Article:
Interspinous, Laminar, and Facet Fusion

Published on 02/04/2015 by admin

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Chapter 47 Interspinous, Laminar, and Facet Fusion

Basic to the details of therapeutic intervention, either operative or nonoperative, is an understanding of the biomechanical principles of cervical spine function. These considerations permit the most effective planning of a specific treatment, especially the details of surgical intervention. Generally, in the cervical region, the major mechanism of injury is transmission of force through the head. The corresponding changes are usually related to flexion, extension, or rotation, with associated axial compression or distraction. Clarification of these factors assists the surgeon in designing the most appropriate procedure. A surgeon therefore desires to counteract the major force vectors responsible for the principal injury pattern. (One would not accentuate an extension-compression or extension-distraction injury by increasing extension forces with certain posterior fixation procedures.) The selected method of treatment should be based on the biomechanics of the injury and the experience and preference of the surgeon. This chapter covers the factors predisposing to instability in the subaxial (C3-7) cervical spine and the management of instability, using wire and cable techniques. Allen et al.1 proposed a mechanistic classification based on biomechanical considerations of the injury vectors. Panjabi and White2 proposed a working classification, especially for acute instability, in which more than 3.5 mm of anterolisthesis or more than 11 degrees of angulation constitutes instability in the lower cervical spine; this classification may be helpful in evaluation. In awake patients who fail to demonstrate radiologic evidence of instability with routine cervical spine films, flexion-extension lateral radiographs should be obtained. Dynamic radiographs, however, should be approached with a level of caution. The situation is often best approached initially by CT, with sagittal reconstruction for full definition of the possible injury patterns. If instability is not demonstrated with the aforementioned studies yet is suspected from the increased prevertebral soft tissue swelling and the severe neck pain, these patients should be placed in a firm cervical collar and the flexion-extension films repeated in 2 weeks. The elapsed time allows muscle spasm to abate and allows demonstration of ligamentous instability on the flexion-extension radiographs.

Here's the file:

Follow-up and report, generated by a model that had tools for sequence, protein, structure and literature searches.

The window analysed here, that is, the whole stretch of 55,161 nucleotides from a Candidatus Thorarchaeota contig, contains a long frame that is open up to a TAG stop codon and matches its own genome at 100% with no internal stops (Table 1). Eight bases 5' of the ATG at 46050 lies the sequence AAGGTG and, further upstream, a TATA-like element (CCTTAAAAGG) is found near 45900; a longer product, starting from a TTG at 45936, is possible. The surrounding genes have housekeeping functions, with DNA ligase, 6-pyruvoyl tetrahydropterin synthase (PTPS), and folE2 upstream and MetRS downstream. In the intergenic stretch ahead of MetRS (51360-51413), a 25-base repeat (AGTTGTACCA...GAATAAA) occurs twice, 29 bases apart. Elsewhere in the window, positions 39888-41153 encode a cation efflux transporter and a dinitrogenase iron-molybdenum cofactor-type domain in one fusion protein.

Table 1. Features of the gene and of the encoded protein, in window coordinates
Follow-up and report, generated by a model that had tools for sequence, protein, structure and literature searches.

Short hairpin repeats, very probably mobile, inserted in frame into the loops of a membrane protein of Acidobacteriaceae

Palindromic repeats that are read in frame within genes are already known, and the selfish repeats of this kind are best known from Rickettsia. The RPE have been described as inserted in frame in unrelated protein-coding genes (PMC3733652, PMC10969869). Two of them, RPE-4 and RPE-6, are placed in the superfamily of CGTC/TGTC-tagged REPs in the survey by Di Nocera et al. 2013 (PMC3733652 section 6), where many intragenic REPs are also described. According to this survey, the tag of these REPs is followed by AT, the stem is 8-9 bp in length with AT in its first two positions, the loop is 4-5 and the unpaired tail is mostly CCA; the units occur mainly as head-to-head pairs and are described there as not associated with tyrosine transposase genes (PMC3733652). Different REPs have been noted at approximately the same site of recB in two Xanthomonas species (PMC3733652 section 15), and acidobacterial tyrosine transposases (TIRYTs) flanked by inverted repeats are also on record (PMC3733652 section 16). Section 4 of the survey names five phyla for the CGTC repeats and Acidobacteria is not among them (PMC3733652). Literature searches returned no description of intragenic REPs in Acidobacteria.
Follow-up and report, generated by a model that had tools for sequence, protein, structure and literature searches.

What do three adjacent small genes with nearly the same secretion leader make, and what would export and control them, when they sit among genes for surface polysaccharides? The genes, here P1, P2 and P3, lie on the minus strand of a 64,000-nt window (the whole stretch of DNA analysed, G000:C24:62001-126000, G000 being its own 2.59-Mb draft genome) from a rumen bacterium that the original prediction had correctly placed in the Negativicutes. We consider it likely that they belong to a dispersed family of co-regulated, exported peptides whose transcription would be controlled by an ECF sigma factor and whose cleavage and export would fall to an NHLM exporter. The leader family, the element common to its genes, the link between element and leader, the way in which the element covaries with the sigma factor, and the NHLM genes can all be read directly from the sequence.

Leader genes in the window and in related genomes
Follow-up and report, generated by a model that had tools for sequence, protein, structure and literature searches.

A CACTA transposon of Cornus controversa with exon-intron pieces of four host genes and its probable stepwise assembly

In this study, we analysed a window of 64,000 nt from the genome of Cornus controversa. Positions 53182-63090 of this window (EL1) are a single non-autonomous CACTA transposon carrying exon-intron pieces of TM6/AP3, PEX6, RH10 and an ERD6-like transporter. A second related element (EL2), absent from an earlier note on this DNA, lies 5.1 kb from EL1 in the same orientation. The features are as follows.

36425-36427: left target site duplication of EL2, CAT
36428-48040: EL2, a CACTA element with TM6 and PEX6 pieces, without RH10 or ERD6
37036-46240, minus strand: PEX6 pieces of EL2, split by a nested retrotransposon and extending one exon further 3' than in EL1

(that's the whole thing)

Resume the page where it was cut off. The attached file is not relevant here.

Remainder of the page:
Operative Techniques


The neck (up to the occiput) and the area around the iliac crest and posterior superior iliac spine are routinely prepared and draped. A midline incision is made in the neck; the length of the incision depends on the number of segments to be addressed. It is critical to stay in the midline to avoid excessive bleeding. The paracervical muscles are stripped subperiosteally from the spine and laminae and retracted laterally. The possibility of preexisting bony or ligamentous incompetence with associated instability or dural exposure cautions the surgeon to exercise care in the exposure of the dorsal elements. Supported by preoperative imaging information, dissection is accomplished sharply. Blunt dissection and monopolar cautery are avoided. The dissection is carried to the lateral edge of the facet joints. When possible, the supraspinous and interspinous ligaments are preserved. Once the spine is exposed, a lateral radiograph is obtained with a marker on the spinous process to identify the levels to be fused.

Reduction of preoperatively unreduced, unilateral, or bilateral locked (“jumped”) facets should be attempted at this time. The tip of the superior facet is drilled. Using two straight curettes between the adjacent laminae in the “tire-lever” B-type maneuver and working from medially to laterally toward the facet joint, the surgeon removes the superior facet ventral to the inferior facet (Fig. 47-2). In cases in which there is a facet fracture with encroachment into the neural foramen, this fragment of bone should be removed to relieve pressure on the exiting nerve root. The surgeon should always be aware of the potential for a lateral mass fracture that mimics a unilateral facet displacement.

Wire and Cable Fixation

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